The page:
How These Relationships In Our Youth Impact Future Romantic Relationships

by Wendy Wisner
Originally Published: 
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I have about three girlfriends from high school who are like sisters to me. Our friendships back then were deep and intense and beautiful. We shared the most intimate secrets about our feelings, our home lives, our budding love lives, and everything in between. We spent countless hours on the phone (this was before texting or social media!) and even more hours camped out at on each other’s bedroom floors.

I saw one dear friend through a serious eating disorder, another through intense family strife, and another through endless relationship snafus. My friends saw me through the worst (and only!) breakup of my young life, as well as the dissolution of my relationship with my dad. I trusted these girls and they trusted me.

We saw each other for who we were and loved each and every part, even the broken ones. We were brought together at perhaps one of the most vulnerable and tumultuous times of a person’s life. These are the kinds of friendship that teach you so much and help you blossom into the strong, resilient adult you will one day become.

Most of all, these are the friendships that endure. I remain close to these gals to this day, and though we don’t talk nearly enough, once we connect, it’s like no time has passed at all.

That’s why I almost got teary-eyed when I came across a new study that looked at just how impactful these can teenage friendships can be. The study, published in Child Development found that the lessons you learn and the wisdom you glean from your teenage friendships actually carry into future relationships – especially your adult romantic relationships.

Pretty freaking intriguing and cool, huh?

The study aimed to examine what contributes to high quality, satisfying romantic relationships for adults in their 20s. As the study researchers explain, past research has found that things like physical and mental health in adolescence influenced the quality of romantic relationships later in life. But this new study found that the most important factor was actually having strong friendships in your teens (the study looked specifically at same gender relationships).

Interestingly, it was not your previous teenage romantic relationships that had the most influence, as one might assume.

“In spite of the emphasis teens put on adolescent romantic relationships, they turn out not to be the most important predictor of future romantic success,” study leader Joseph P. Allen, professor of psychology at the University of Virginia, explained.

“Instead, it’s the skills learned in friendships with peers of the same gender—skills such as stability, assertiveness, intimacy, and social competence—that correspond most closely to the skills needed for success in adult romantic relationships,” he added.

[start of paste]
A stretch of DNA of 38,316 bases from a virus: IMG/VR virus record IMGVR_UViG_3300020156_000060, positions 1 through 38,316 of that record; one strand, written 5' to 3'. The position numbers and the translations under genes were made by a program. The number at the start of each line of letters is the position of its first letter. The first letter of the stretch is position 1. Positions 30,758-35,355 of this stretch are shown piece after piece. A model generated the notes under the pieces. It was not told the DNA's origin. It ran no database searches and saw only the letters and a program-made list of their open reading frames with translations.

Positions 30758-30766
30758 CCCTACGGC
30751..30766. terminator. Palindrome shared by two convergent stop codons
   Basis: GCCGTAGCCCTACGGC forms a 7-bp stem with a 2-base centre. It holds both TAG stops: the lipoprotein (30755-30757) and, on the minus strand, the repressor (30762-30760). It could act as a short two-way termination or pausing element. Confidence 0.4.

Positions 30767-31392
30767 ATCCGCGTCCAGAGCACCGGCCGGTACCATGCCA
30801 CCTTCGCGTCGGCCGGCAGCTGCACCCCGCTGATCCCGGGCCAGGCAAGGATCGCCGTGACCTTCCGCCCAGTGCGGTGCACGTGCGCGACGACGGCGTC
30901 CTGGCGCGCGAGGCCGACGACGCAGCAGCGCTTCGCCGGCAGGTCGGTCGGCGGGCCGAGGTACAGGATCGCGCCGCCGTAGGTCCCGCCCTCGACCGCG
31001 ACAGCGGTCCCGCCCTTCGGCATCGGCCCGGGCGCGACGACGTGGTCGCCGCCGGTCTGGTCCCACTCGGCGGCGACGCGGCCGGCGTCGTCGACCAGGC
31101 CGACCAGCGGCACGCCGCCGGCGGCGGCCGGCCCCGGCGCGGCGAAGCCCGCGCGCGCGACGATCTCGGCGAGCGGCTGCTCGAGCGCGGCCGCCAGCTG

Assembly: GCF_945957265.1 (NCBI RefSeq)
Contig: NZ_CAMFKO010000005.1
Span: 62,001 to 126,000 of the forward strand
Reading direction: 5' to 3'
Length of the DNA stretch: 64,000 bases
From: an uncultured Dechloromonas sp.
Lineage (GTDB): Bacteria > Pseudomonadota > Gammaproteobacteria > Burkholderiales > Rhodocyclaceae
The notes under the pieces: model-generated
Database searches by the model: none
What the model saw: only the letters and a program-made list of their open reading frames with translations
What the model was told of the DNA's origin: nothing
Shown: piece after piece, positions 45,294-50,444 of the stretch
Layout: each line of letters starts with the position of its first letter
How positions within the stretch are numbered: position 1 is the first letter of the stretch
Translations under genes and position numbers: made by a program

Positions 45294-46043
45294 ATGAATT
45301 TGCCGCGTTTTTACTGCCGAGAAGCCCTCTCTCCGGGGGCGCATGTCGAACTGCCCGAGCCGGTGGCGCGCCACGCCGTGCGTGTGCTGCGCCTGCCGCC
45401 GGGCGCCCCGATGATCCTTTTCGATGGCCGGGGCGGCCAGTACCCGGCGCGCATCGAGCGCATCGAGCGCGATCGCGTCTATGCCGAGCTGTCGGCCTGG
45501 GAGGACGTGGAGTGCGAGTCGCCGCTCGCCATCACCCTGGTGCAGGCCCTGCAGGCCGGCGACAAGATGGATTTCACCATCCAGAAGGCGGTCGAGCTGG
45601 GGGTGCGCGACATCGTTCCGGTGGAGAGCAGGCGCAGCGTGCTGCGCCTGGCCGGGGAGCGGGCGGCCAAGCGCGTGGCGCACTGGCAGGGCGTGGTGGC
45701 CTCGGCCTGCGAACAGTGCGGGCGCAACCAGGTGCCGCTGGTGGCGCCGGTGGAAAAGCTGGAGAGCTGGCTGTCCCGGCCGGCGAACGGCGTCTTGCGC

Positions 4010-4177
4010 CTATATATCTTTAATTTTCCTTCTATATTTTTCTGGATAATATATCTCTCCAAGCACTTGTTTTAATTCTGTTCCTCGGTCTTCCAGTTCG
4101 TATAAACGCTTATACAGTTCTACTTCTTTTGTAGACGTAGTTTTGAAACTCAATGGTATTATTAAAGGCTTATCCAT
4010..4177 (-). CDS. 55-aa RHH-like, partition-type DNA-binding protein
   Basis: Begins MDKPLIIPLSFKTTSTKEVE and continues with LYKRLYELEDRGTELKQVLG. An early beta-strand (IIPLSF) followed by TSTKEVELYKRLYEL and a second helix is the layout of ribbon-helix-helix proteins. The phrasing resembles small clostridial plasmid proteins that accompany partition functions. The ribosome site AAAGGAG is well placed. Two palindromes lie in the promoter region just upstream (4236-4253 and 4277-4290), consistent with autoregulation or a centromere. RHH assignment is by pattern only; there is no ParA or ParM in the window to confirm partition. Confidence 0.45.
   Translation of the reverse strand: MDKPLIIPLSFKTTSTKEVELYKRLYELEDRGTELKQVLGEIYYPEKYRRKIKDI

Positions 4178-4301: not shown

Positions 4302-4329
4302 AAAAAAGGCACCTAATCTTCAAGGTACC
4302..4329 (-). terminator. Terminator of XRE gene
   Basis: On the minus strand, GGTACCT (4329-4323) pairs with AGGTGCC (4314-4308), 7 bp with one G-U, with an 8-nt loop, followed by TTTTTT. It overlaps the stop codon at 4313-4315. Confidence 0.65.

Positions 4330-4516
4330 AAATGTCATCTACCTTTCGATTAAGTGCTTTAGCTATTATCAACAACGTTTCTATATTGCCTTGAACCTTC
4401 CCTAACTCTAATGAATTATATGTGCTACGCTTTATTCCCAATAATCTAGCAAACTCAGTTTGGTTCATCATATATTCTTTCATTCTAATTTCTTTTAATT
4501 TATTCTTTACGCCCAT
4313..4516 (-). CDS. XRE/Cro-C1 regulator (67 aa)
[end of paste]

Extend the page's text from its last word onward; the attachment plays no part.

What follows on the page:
That is totally fascinating to me. I mean, I knew my teen BFFs played a important role, but who would have thought those relationships would have had such an huge influence on my future lovers and partners? And yet, it makes total sense when you think about it.

In order to gather the data, researchers interviewed 165 adolescents from ages 13 to 30, gathered from a diverse population in the southeastern United States. As teens, the quality of their close friendships as well as romantic relationships were assessed. Then, when they were in their late 20s, the researchers interviewed them about their romantic lives.

The researchers found that there were some “key social developmental tasks” in the teen years that predicted successful and satisfying romantic relationships from ages 27 to 30. These included things like the propensity to be “appropriately assertive” with your peers, an ability to have several different kinds of friendships, as well as a capability to have close and stable friendships.

Again, it was the non-romantic relationships that seemed to have the greatest influence on adult romantic relationships – and that was true even if the teens were concurrently involved with romantic partners.

The researchers had an interesting theory about why this might be so.

“Romantic relationships in adolescence are much more likely to be fleeting, and as such, they don’t appear to be the main way teens learn skills needed for the future,” commented Rachel K. Narr, a doctoral student at the University of Virginia and co-author of the study.

I know that I am personally the exception here (I actually ended up marrying my high school boyfriend!). But for most of us, the relationships that endure after high school aren’t the guys and gals we dated. It’s those wonderful and rich friendships we cultivated – through those up-all-night sleepovers, notes slipped in lockers, and late-night phone calls where we bared our souls.

These relationships are more than friendships. Your high school besties become your family … for life. They teach you so much about how to be loyal, how to be a good listener and communicator, and even how to resolve conflicts (we all know these friendships weren’t always drama-free!).

But most of all, they teach you how to love, and how to find “your people” – the ones you can trust with a secret, your sometimes very conflicted feelings, and your heart. They serve as the template for your future adult relationships – not just romantic relationships, but also other future friendships, professional relationships, and even parenting relationships.

Your high school BFFs are everything, aren’t they? And that reminds me, I owe mine a much-needed catch-up phone call.

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